Will the Ottawa Senators return to the playoffs next year?

It’s unusual for a team that reaches the Conference Final to miss the playoffs altogether the next season, but we wouldn’t rule that out in this case since Ottawa definitely overachieved this postseason.

Nonetheless, Guy Boucher’s team will return in 2017-18 with the same core, the lone exception being Marc Methot, who the Sens could have maintained if they hadn’t refused to pay Vegas to back off in the expansion draft. The 32-year-old eventually landed in Dallas for a 2nd round pick, and Erik Karlsson will have to get used to a new partner, who may well be 35-year-old Johnny Oduya, inked to a one-year deal.

The Ottawa Senators’ roster will have a familiar feel when they return to action in the fall (Photo by Jana Chytilova/Freestyle Photo/Getty Images)

If they hold trials for a longer term solution, 24-year-old Fredrik Claesson, who performed well in the playoffs on a bottom-pairing role, could be an option to consider, even if everyone in Ottawa is already salivating at the prospect of uniting the Swedish star with highly-touted 20-year-old Thomas Chabot, the MVP of the 2017 World Junior Championships, who would obviously benefit from a more sensible introduction to the NHL.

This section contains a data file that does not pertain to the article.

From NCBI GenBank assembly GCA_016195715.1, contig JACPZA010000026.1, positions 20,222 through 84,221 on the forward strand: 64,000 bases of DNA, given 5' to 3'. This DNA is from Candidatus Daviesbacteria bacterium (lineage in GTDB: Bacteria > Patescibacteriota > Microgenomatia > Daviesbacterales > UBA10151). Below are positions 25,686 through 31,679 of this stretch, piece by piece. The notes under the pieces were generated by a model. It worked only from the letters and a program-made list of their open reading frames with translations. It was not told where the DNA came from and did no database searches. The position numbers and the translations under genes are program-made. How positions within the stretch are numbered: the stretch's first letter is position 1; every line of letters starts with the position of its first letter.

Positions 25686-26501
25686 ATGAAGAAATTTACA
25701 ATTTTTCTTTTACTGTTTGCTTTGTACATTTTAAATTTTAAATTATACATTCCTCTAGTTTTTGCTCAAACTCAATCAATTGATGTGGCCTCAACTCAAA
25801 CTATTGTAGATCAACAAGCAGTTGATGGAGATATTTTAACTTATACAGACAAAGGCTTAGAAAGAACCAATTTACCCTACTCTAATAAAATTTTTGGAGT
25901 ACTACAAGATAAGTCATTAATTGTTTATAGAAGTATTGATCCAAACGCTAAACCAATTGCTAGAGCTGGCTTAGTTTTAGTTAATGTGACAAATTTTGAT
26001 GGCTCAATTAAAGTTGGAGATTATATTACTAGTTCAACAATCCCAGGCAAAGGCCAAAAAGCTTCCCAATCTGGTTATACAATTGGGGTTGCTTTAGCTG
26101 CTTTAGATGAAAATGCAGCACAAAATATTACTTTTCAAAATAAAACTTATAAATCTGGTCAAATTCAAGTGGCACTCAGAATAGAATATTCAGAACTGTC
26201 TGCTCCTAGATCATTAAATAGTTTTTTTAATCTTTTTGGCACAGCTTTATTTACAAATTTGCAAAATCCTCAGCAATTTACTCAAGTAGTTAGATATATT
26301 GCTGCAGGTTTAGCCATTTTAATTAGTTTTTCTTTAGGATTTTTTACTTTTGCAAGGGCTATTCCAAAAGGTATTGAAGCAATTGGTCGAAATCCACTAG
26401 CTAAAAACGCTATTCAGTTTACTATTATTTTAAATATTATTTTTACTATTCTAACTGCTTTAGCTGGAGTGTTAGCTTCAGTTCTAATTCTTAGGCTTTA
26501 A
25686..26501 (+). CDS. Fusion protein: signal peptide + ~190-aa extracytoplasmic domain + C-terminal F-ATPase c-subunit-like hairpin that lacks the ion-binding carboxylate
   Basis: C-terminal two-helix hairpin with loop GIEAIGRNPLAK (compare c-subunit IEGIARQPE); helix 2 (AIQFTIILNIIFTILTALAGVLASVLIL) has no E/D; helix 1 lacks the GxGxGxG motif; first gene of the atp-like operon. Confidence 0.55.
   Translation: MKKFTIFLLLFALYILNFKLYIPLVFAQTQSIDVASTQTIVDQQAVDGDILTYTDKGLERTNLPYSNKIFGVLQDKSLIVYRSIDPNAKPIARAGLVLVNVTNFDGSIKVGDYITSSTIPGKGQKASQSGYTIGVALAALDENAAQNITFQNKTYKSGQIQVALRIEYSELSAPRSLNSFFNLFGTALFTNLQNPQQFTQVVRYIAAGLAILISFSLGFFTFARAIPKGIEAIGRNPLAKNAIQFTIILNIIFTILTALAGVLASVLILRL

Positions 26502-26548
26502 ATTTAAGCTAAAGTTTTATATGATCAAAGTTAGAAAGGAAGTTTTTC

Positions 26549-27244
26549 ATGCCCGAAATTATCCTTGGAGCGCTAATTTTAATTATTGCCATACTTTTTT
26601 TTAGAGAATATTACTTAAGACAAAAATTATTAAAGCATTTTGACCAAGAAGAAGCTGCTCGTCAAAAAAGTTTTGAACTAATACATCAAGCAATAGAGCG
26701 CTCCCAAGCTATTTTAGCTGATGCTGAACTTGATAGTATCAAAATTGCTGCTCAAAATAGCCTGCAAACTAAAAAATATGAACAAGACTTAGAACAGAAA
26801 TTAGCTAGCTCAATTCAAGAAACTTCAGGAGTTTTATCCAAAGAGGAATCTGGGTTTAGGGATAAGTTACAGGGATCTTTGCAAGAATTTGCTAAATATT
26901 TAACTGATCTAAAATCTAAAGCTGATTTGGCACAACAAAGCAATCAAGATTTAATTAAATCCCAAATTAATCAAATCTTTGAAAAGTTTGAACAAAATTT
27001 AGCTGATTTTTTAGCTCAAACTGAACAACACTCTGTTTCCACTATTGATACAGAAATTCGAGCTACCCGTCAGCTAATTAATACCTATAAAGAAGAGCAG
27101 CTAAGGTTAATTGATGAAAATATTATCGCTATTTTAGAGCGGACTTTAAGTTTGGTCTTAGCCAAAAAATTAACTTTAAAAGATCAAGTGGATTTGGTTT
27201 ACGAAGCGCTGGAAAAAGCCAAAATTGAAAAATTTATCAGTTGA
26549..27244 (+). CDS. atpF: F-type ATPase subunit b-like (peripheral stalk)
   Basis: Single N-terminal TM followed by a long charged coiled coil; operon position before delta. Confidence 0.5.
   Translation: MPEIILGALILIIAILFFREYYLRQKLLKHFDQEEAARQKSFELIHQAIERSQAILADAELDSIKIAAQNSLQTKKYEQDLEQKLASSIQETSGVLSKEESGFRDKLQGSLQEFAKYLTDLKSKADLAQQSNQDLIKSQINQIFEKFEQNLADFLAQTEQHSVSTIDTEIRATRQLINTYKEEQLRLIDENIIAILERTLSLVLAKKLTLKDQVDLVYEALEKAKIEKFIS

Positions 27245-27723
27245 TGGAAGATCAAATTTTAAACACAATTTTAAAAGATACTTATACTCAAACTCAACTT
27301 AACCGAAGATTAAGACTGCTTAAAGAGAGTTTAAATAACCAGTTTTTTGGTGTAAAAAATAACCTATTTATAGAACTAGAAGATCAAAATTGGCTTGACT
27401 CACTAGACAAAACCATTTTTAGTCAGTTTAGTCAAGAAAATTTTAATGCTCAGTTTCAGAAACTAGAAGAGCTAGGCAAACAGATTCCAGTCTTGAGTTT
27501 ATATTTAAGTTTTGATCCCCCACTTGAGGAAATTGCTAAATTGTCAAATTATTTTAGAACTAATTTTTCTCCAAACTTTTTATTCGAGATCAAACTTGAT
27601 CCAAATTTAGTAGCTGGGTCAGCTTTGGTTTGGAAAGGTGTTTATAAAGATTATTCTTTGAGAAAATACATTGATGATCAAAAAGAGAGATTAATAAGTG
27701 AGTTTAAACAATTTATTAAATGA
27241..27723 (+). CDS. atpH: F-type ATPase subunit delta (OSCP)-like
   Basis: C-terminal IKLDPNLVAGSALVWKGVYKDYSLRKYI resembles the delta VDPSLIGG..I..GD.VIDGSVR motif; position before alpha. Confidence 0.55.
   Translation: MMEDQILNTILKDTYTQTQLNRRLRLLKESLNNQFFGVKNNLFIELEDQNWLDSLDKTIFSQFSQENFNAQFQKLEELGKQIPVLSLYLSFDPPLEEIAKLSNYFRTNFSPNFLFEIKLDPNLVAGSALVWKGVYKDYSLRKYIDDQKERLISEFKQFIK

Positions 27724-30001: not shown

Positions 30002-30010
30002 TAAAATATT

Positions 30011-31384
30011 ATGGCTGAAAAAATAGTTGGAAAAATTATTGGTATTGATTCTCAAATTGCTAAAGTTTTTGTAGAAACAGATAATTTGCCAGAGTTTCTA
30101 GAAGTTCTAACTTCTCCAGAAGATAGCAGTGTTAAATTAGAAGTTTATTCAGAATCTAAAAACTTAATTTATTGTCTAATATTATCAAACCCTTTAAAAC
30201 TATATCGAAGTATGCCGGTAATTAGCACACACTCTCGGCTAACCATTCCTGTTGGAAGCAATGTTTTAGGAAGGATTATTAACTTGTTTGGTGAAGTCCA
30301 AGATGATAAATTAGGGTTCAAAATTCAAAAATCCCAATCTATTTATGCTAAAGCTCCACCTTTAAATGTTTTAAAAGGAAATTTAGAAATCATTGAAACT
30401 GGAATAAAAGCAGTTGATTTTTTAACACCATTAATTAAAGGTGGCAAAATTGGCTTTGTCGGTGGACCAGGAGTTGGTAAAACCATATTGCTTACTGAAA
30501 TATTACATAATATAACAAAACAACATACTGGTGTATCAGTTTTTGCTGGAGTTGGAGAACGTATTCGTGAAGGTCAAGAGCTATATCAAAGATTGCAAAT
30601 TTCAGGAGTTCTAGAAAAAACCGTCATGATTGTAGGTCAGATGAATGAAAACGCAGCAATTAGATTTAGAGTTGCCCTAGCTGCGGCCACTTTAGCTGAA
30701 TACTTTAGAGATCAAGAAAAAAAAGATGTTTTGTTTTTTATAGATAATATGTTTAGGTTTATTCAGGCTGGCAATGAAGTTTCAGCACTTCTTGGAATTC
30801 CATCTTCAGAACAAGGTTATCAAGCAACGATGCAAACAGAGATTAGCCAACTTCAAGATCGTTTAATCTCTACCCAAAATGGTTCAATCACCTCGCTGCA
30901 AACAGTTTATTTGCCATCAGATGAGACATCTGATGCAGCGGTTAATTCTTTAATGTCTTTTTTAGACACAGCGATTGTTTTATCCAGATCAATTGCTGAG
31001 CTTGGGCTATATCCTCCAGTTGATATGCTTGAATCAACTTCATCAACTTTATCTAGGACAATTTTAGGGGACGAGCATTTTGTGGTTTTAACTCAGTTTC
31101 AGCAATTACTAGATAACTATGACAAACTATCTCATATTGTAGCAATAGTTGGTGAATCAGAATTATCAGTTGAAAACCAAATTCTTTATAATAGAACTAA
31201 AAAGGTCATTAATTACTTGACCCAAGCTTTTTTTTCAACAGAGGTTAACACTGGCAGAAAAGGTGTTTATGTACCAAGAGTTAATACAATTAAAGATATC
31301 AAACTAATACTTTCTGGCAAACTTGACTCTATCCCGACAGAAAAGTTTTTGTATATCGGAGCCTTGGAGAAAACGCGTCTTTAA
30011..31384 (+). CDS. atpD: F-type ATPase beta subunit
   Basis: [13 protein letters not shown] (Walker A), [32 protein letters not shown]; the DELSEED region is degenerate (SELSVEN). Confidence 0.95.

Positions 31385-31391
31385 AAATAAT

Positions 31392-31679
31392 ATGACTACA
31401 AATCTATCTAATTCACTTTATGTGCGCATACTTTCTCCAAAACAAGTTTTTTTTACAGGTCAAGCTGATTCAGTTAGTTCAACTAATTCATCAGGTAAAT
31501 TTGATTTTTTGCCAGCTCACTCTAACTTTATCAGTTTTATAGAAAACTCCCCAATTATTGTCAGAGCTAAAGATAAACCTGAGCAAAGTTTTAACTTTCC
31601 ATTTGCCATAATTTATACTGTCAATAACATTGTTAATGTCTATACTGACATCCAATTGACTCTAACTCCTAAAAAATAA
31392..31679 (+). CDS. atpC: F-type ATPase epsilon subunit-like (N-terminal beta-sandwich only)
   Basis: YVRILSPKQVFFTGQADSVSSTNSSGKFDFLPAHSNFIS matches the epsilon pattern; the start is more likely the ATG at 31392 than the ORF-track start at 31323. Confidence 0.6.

In net, 36-year-old Craig Anderson is entering the last year of his contract and the Sens need to think carefully about his successor. Backup Mike Condon, acquired from the Penguins mid-season, re-upped for the next 3 seasons at a pricy 2.4M per year, but he’s probably not the answer they’re looking for. With 4.8M in cap space, the Sens should keep their ears perked up for any potential starter that hits the trade market, save the money for a future upgrade in attack or prepare for the extensions of Kyle Turris (UFA) and Mark Stone (RFA) in 2018.

Jean-Gabriel Pageau (#44) and Mark Stone (#61), here celebrating a goal in Game 7, will be back in a Senators’ jersey in 2017-18 (Photo by Matt Kincaid/Getty Images)

This offseason, GM Pierre Dorion added former Anaheim forward Nate Thompson (33 years old, 1 year, 1.65 M) and re-signed Jean-Gabriel Pageau (25, 3 years, 9.3 M total), Ryan Dzingel (25, 2 years, 3.6M) and Tom Pyatt (30, 2 years, 2.2M), but the Sens’ offensive unit is still missing the kind of difference maker that can push them to full-fledged contending status. They have skilled youngsters waiting in the wings, namely Colin White, the 21th overall pick in 2015, yet the clock keeps ticking. Erik Karlsson will be 29 years old when he reaches UFA status in 2019, and if he senses the Senators aren’t going in the right direction….

*For an explanation of the “advanced statistics” terminology cited on this article, read Corsica’s glossary. Unless stated otherwise, all data refers to 5-on-5 play and was retrieved from Corsica.hockey (currently down), Natural Stat Trick and NHL.com.